What to Do in a Healthcare Data Breach - Healthcare Resolution Services

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What to Do in a Healthcare Data Breach

Cyber threats have been considerably disruptive to the healthcare sector over the last decade. While we’ve outlined steps that organizations can take that will improve their defense, there’s still the question of what to do in the event that a bad actor finds a workaround. Those organizations that are also actively working toward the requirements for the Cybersecurity Maturity Model Certification (CMMC) may be especially concerned about what a breach would mean for their DoD assessment. Who do you notify? What steps can you take to avoid compromising your medical records? Here are our recommendations on what to do in a healthcare data breach.

Does HIPAA Apply?

Organizations that must adhere to HIPAA should refer to this federal law’s requirements for how to report a data breach. For covered entities, that means:

  • Notifying individuals within 60 days if their protected health information (PHI) was part of the breach, including social security numbers, health charts, medical billing, etc.
  • Notifying the media within 60 days if the breach involves personal data for more than 500 individuals, as well as submitting a breach report form to the U.S. Department of Health and Human Services (HHS).
  • Notifying HHS annually of any incidents that affect under 500 individuals.

If the breach occurs with a business associate of a covered entity, and that contractor is subject to HIPAA through a business associate agreement (BAA), they should notify the covered entity within 60 days, and provide them with all of the information needed for a breach notification letter. HHS also states that the covered entity may delegate to their business associate the task of sending these letters out.

What should you report? Notifications should “include a description of the breach, the types of information involved in the breach, and what steps individuals can take to prevent further harm.” They should also outline steps that the covered entity is using to investigate the event, and how they intend to prevent similar occurrences in the future.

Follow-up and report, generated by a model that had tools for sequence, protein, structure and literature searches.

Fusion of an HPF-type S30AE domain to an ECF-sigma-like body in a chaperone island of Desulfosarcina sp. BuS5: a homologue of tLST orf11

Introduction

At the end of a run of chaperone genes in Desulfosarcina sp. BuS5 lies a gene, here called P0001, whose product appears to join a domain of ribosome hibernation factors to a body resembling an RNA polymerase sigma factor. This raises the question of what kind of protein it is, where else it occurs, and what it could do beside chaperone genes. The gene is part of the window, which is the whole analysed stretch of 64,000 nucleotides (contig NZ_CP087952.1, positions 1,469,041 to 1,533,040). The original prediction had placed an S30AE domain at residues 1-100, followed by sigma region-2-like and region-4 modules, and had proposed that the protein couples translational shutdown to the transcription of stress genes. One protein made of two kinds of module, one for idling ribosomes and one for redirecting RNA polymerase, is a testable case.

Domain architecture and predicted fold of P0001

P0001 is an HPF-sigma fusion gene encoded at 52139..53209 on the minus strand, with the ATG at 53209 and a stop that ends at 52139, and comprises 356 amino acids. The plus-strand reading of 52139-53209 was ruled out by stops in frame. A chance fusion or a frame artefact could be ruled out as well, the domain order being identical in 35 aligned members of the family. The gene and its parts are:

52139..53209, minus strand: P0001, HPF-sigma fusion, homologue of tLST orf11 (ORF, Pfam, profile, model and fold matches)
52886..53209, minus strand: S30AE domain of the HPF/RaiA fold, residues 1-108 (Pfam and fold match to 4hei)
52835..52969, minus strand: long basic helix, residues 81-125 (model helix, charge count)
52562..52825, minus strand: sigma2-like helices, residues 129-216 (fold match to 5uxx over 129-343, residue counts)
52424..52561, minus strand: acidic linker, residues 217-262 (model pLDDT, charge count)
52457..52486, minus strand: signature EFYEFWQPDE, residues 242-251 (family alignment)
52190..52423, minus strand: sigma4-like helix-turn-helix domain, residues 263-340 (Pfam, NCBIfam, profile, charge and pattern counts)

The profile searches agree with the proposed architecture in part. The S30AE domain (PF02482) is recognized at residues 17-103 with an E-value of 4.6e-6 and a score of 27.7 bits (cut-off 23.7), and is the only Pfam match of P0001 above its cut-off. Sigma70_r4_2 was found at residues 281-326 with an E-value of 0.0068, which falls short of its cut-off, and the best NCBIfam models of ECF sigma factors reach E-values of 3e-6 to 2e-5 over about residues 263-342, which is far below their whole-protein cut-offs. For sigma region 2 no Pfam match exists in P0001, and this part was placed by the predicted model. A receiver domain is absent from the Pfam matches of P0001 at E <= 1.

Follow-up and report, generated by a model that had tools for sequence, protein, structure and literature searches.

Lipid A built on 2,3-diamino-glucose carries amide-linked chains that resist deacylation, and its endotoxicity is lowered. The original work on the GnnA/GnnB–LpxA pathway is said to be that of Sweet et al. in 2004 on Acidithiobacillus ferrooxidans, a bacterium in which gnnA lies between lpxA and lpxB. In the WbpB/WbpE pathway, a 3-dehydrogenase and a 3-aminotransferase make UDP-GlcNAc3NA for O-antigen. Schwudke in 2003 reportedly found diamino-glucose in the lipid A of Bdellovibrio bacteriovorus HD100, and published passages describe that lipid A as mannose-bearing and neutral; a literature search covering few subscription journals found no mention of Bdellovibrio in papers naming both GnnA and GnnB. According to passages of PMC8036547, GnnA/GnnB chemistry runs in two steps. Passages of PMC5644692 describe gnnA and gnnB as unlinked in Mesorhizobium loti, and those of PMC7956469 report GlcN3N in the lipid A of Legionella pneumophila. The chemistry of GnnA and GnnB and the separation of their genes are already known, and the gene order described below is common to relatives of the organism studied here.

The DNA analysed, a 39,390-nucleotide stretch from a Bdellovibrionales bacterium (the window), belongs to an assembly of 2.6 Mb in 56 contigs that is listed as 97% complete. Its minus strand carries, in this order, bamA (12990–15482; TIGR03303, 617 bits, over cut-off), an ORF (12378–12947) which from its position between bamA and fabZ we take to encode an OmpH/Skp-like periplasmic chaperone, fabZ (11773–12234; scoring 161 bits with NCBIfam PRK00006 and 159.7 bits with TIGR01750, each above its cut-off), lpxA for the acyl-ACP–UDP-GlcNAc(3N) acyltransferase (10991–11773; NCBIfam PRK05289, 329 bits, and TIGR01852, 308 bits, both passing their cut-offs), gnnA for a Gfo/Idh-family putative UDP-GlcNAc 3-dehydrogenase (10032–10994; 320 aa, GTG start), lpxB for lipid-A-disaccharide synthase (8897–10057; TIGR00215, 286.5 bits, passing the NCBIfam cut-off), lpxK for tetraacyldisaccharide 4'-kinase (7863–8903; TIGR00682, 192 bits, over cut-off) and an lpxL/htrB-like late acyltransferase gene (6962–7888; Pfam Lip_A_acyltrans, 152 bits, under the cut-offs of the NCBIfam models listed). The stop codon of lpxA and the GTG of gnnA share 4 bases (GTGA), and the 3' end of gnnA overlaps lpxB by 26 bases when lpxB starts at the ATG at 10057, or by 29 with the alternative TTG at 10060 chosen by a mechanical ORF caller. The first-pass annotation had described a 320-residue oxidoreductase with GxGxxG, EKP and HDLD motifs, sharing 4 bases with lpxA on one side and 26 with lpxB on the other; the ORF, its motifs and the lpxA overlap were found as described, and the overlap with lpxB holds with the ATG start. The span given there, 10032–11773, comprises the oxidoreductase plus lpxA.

HealthcareITSecurity provides a further breakdown of these requirements.

Does CMMC Apply?

While CMMC is only required for government contractors, its framework is easily adaptable to any industry. If you aren’t currently in the process of applying for it, we strongly encourage you to do so. We also offer several resources that you can use to prepare for certification.

Whether you’ve already passed a CMMC review, or you’re in the application process, our advice is the same: let the Department of Defense (DoD) know immediately if you experience a breach, either through their dedicated website or via their help desk. As DVIDS notes, the DoD doesn’t penalize contractors who act in good faith. Be as helpful and transparent as possible, preserve and protect evidence, and follow up with the DoD within 72 hours of the original notice.

What should you report? Notifying the DoD requires more information than HIPAA, to include:

  • The type of incident, and whether it led to a significant loss of data, system availability, or system control.
  • The number of victims.
  • Whether it involved unauthorized access to critical information, or the use of malicious software. 
  • Whether it affected critical infrastructure.
  • Whether it threatens national security, economic security, or public health and safety.

If the incident involves malware, and you’re able to isolate it, make sure to share it with the DoD cybercrime center for analysis.

Check out DVIDS for more information and a video on this topic.

Have an Incident Response Plan for Disaster Recovery

We’ve talked before about why it’s so important to have an incident response plan in place, and not simply because HIPAA requires it. The more prepared you are for a potential disaster, the easier it will be to mitigate the damage. Therefore:

1.) Familiarize yourself with the websites for the DoD and HHS so that you’re aware of how to report incidents. 

2.) Consult with your legal team so that you know how and when to notify the FBI and the general public if you’re ever the victim of ransomware. 

3.) Make sure that your breach response includes steps for disaster recovery:

  • How to maintain a copy of your mission-critical data that you can access.
  • Steps your team can implement to minimize damage as soon as a breach is detected.
  • Steps for repairing any damage from a breach with minimal downtime.

Beyond HIPAA, CMMC also shares similar requirements for cyber incident reporting outlined in
NIST SP 800-171. Worth noting is a clause that states all applicants who cannot meet these requirements must provide “alternate but equally effective” substitutions for data security.

HCRS Is Your Data Management Partner

No organization is 100 percent secure against a cyberattack. But those that arm themselves with the best tactics and tools will minimize their chances of becoming victims, damaging their reputations, losing vital data, and suffering substantial revenue loss. HCRS has over 25 years of experience partnering with organizations at federal, state, and public health levels to improve their data management and cybersecurity. We can also provide your team with the best guidance to prepare for CMMC

When you’re ready, let’s schedule time to talk about a program.

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